1. Physical changes enabling the member/prospective member to utilize the building.
  2. Installation of safety devices (e.g. flashing fire alarms)
  3. Installation of TDD phone access or other accommodation that enables the member/prospective member to utilize house services.
  4. Member/potential member requires a handicap accessible room due to disability: The member/potential member shall be allowed to occupy a handicap accessible room. House seniority lists shall be used to determine the members/potential members whose room picks shall be displaced.  However, during a contract period, members currently living in a room will not be moved without their consent.
  5. Member/potential member requires a single due to disability:  The member/potential member shall be allowed to occupy a single. The Operations Management Committee shall be allowed to vote whether to reduce the house capacity by one or allow the person to occupy a single.  House seniority lists shall be used to determine the members/potential members whose room picks shall be displaced.  However, during a contract period, members currently living in a room will not be moved without their consent.  
  1. OTHER ACCOMMODATIONS: If a member /prospective member requires an accommodation not listed above, the following process will be followed: (53/96)
  1. The member/prospective member will approach the house and inform them of   the accommodations required.  The house and the member/prospective member should work together to find a solution agreeable to all.  
  2. If the house and member/prospective member can not work out an agreeable solution and the ICC is legally required to make an accommodation, then the Operations Management Committee will intervene.  Before making a decision, the Operations Management Committee will meet at the house.  The committee will also meet with the member/prospective member as needed.  The committee will then make an appropriate decision.  If the solution requires physical changes above $500, then Facilities Management Committee approval is required.  If other expenditures are required in excess of $500, then Board approval is required.
  3. This process must be resolved in an expedient and timely manner.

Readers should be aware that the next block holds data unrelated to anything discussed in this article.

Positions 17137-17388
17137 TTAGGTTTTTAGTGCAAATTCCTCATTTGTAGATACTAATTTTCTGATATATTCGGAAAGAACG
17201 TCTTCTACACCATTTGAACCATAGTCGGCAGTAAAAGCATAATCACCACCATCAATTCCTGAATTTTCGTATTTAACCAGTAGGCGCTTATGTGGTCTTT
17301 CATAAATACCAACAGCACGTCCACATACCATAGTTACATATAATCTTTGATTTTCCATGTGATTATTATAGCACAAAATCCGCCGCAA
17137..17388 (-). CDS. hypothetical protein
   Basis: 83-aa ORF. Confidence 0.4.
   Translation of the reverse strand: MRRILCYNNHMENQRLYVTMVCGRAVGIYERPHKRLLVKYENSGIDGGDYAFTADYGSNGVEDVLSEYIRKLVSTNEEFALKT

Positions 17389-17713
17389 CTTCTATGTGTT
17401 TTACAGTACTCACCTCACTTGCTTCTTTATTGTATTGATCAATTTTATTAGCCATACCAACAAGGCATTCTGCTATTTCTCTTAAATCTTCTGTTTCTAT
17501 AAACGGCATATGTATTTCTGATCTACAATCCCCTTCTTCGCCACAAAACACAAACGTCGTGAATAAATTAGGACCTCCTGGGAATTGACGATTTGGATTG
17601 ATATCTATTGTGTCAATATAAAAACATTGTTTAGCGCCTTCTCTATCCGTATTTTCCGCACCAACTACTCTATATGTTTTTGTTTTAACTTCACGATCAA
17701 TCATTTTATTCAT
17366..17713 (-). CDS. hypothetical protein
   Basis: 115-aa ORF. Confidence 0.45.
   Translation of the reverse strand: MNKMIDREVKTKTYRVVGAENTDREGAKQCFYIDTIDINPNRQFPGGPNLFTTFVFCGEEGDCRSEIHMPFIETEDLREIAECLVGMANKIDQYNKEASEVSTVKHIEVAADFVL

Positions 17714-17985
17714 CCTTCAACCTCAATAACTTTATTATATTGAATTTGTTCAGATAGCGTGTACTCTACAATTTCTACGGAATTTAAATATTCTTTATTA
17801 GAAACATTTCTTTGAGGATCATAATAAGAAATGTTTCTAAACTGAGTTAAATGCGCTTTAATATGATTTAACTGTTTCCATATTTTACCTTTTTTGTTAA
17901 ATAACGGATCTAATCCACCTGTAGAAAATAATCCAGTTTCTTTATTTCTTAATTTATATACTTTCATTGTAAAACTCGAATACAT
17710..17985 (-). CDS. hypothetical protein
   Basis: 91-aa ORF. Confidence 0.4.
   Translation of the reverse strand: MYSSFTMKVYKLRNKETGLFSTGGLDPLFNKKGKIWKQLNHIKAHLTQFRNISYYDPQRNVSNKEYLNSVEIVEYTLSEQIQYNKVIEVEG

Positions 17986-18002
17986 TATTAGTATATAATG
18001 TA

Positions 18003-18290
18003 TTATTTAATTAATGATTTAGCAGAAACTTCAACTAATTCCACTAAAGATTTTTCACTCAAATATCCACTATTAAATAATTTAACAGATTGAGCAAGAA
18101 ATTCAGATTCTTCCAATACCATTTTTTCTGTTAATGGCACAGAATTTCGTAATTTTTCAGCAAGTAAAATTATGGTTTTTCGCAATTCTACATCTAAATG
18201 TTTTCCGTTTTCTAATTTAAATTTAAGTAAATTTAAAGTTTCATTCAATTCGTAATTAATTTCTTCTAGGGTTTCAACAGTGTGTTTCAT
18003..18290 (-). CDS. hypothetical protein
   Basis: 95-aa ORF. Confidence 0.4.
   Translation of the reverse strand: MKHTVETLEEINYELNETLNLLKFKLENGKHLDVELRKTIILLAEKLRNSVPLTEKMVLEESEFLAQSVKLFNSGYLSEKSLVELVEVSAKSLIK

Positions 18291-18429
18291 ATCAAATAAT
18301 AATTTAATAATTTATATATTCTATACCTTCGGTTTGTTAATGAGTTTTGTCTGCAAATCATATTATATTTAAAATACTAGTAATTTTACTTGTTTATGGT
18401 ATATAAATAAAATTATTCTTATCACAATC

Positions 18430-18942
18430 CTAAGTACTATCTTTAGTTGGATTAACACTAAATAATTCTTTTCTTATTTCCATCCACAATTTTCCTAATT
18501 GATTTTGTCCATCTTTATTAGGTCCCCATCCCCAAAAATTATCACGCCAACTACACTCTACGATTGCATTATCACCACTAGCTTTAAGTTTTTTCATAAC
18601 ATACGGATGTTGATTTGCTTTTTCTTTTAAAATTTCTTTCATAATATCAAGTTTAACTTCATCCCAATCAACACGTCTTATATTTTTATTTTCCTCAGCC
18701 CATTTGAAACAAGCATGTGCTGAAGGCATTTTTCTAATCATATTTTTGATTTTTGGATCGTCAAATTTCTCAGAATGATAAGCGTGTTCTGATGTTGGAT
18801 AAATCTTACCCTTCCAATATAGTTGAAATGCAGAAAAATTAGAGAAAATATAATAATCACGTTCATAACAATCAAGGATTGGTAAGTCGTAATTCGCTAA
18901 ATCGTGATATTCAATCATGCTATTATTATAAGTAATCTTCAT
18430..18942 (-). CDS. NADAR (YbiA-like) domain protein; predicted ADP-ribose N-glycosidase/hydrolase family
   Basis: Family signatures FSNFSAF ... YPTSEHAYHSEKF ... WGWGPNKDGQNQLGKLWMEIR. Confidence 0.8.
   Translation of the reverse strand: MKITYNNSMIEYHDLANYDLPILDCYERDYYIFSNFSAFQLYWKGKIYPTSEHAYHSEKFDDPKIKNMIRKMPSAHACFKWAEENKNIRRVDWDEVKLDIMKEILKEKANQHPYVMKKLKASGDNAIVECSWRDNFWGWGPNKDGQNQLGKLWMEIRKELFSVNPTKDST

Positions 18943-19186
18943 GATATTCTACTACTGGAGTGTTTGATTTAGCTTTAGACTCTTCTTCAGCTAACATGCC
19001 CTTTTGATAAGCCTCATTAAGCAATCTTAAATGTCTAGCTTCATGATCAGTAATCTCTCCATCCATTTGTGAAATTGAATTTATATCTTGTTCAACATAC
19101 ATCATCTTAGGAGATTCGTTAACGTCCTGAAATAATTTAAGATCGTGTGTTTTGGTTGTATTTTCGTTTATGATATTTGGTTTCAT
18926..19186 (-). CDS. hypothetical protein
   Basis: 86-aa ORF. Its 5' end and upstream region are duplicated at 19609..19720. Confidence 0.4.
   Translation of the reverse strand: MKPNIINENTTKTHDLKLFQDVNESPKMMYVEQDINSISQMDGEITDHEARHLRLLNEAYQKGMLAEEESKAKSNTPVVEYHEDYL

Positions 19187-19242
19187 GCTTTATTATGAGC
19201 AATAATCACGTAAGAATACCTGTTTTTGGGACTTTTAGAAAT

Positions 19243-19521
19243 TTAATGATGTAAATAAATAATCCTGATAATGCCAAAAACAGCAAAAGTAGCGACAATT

1. HOUSE REFERRAL STATUS

  1. DEFINITION: House Referral Status (HRS) is a process for assisting an ICC house that needs help with its governance or operations in accordance with the reasons listed below. It is an interpretation of Bylaw 6.2, which states, “The government and administration of the several co-ops shall be left to the members of the respective co-ops insofar as their actions do not jeopardize the interests of the membership as a whole or the interests of other co-ops.”

  2. REASONS FOR HOUSE REFERRAL STATUS Any member or the ICC Board of Directors may request that a house be considered for HRS for one or more of the following reasons:

  1. Problems with recruitment and/or retention – a house falls below 75% minimum capacity during a contract period and/or continually fails to retain a significant percentage of members.
  2. Problems with house governance – the majority of officer positions remain unfulfilled for extended periods of time, officers fail to complete required trainings, and/or officers significantly neglect their responsibilities.
  3. Problems with uncooperative behavior – house members do not complete their assigned work, follow house and ICC rules, and/or participate cooperatively and appropriate measures are not taken to enforce rules and encourage cooperative behavior.
  4. Problems with sanitation and/or maintenance – a house is not kept in a state of cleanliness that is welcoming to all members and/or there is significant damage due to abuse, misuse, or neglect.
  5. Problems with finances – house finances have been consistently mismanaged and/or debtors have not been dealt with effectively.
  6. Other important issues or concerns that indicate a house is failing to perform in accordance with the ICC Key Performance Indicators (KPIs).
  1. PROCEDURES

  1. Operations Management Committee is responsible for administering and facilitating HRS.
  2. Requests to consider a house for HRS should be sent to the Vice President for Operations Management, who will then arrange a meeting between house officers, the Operations Management Committee, and staff to discuss concerns about the house.
  3. Following this meeting, the house officers are responsible for discussing these issues with house members at a regular house meeting. Staff or Operations Management Committee members can be asked to attend these meetings. Minutes from this house meeting should be forwarded to the Vice President for Operations Management.
  4. Following the house meeting, the house will be given one (1) month to correct issues. The Operations Management Committee can assist the house with correcting these issues by coordinating communication between the house and appropriate staff or committees.